As I write this post, I am remembering what my personal and financial life was like two years ago and how much stress I was keeping wrapped-up inside. I was a financial and emotional train-wreck, chaotic and unpredictable. I was $15,000 in debt, I didn’t have a job that could pay the bills, and I was hopelessly mired in personal and social anxiety that was preventing me from being the person that I wanted to be. I wanted to find a way out and to start making things happen for myself, so I took it upon myself to start paying off my debts and start working on getting rid of my physical and psychological baggage. Here I am, two years after starting with barely $3,000 in debt remaining, with a fairly tight circle of friends I can be close with, and with a much smaller space footprint. Spending the time last night, I took and made personal financial projections to the end of this year with extremely promising results: By Christmas of this year, I will have paid off every single personal debt obligation I have, and I will have put away at least $4,000 in savings. What a way to start the new year!
Bearing all of this in mind, I am now looking toward the future and what it might hold for me with regard to employment, education, and what I really want to be spending my time on. I have felt as though a larger portion of my life has been on stand-by while I have been busy toiling away on resolving my financial and personal emotional situations, which is no way to live one’s life in the long-term sense. There is a larger number of things that I want to accomplish and experience in my life, and the more that I think about it, the more that the life of a cubicle-jockey seems like a commuted life-sentence surrounding commuting, submission, and constant fear. I don’t want to live that way, and I feel that I don’t have to. I have a choice, and I have the power and ability to do what I want and still get important things done. I can’t get what I want done by staying where I am and by depending on the same modus operandi day-in and day-out, so to me that means that I have a choice: repetitious comfort punctuated by increasing distress, or a higher form of living where the primary driver for continued growth is that nothing is the same and failure simply means that a big effort didn’t pay off.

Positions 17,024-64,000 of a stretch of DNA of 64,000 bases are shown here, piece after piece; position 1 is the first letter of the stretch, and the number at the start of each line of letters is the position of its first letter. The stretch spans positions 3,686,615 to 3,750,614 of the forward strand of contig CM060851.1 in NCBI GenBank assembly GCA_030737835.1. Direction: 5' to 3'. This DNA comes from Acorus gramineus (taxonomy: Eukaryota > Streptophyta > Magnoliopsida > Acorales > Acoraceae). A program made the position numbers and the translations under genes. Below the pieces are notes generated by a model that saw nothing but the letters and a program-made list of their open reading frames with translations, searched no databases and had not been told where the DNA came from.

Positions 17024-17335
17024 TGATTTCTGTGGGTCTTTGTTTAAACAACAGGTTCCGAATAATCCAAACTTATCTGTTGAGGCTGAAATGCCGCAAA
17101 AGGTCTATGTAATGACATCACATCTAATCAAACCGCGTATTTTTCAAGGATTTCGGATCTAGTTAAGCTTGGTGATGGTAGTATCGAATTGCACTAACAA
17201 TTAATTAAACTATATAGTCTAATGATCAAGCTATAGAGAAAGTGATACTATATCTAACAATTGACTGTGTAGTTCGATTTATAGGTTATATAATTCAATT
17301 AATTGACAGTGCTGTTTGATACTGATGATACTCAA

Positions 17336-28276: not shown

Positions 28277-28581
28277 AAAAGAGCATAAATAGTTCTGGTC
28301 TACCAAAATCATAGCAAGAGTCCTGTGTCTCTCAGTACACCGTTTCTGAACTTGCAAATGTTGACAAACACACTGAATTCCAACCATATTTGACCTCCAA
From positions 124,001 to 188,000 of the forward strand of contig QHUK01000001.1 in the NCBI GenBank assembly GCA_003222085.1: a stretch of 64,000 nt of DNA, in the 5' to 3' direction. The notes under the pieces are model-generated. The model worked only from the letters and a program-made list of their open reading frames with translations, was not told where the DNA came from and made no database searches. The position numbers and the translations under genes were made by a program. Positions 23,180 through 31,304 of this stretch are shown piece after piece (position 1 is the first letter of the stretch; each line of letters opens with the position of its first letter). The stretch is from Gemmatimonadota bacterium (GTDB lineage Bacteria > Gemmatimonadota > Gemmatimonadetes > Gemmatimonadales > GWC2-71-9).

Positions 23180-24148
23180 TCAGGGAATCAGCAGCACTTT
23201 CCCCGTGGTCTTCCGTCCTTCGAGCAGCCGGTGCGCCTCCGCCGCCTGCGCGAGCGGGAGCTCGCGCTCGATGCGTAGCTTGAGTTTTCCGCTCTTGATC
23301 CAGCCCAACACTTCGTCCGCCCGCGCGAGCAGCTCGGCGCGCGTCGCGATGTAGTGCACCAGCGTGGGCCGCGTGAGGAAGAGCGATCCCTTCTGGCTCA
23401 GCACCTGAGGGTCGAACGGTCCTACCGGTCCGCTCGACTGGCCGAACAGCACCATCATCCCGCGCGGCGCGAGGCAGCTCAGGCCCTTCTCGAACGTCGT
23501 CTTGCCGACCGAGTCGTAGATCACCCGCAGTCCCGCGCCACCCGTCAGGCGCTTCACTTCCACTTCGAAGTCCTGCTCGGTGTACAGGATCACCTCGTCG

The former is simple: continue working, go to college, get a better job (or get promoted), and continue living with the 9-to-5 grind. The latter is much, much more complicated and involves a great many more questions than the former does:
- What matters to me?
- What drives me to get up in the morning?
- What do I spend the majority of my time on?
- What makes me happiest?
- Can I make a living (or better) doing what I love?
- Will doing what I love continue to matter to me in 5, 10, or even 20 years’ time?
These questions aren’t simply a litmus-test to determine their worthiness as an endeavor, they are constantly being pressed against everything that I do and every opportunity I seek out (or seeks me out), because in this world there isn’t much of an alternative. Yes, there’s always “moving back home with your parents”, but what good is that? If you move back, that’s merely accepting defeat and expecting people who expected you to leave them behind and do great things to provide for you. In-short, the options for me are extremely stark: Near-guaranteed survival (with near-guaranteed frustration, angst, and financial security) or near-guaranteed risk (with the potential for a huge emotional payout as opposed to a financial payout).
At the time of this writing, I have begun work on an as-yet unofficial project for a place that I deeply enjoy spending time and energy at. Admittedly, it’s not very technical in nature, but it supports something that I have been engaging in on a daily basis for training both mentally and physically. It’s something that I care about, and it’s something that I want to work. Not merely because it’s something that I’ve wanted to do for a long time, but it’s something that has an impact on both people I care about as well as people that might eventually be part of a wider community. To me, that’s worth its weight in gold all on its own. I’ll be able to talk about it more as we get closer to launch-day, and I’ll be chomping-at-the-bit to tell people. It’s going to be awesome.
Returning to the topic of career and employment pursuits, I will continue to work where I am at least for the entirety of the calendar-year of 2013. By January 2013, I will begin to deposit 50% of my pay into a savings account with a goal of saving $25,000 by the end of 2013 as a “crash pad” in the event that my endeavors end-up falling-short or failing. By the start of 2014, I will be able to make a conscious and informed choice as to whether or not I will separate myself from my current place of employment and determine for myself what my next steps are. Whether to go to college (for what I have no clue yet), to work on new projects and to really put 150% of myself into the projects, or to comfortably begin a new job-search under a lot less stress are the decisions I have laid-out in front of me.
The only question now is where to begin.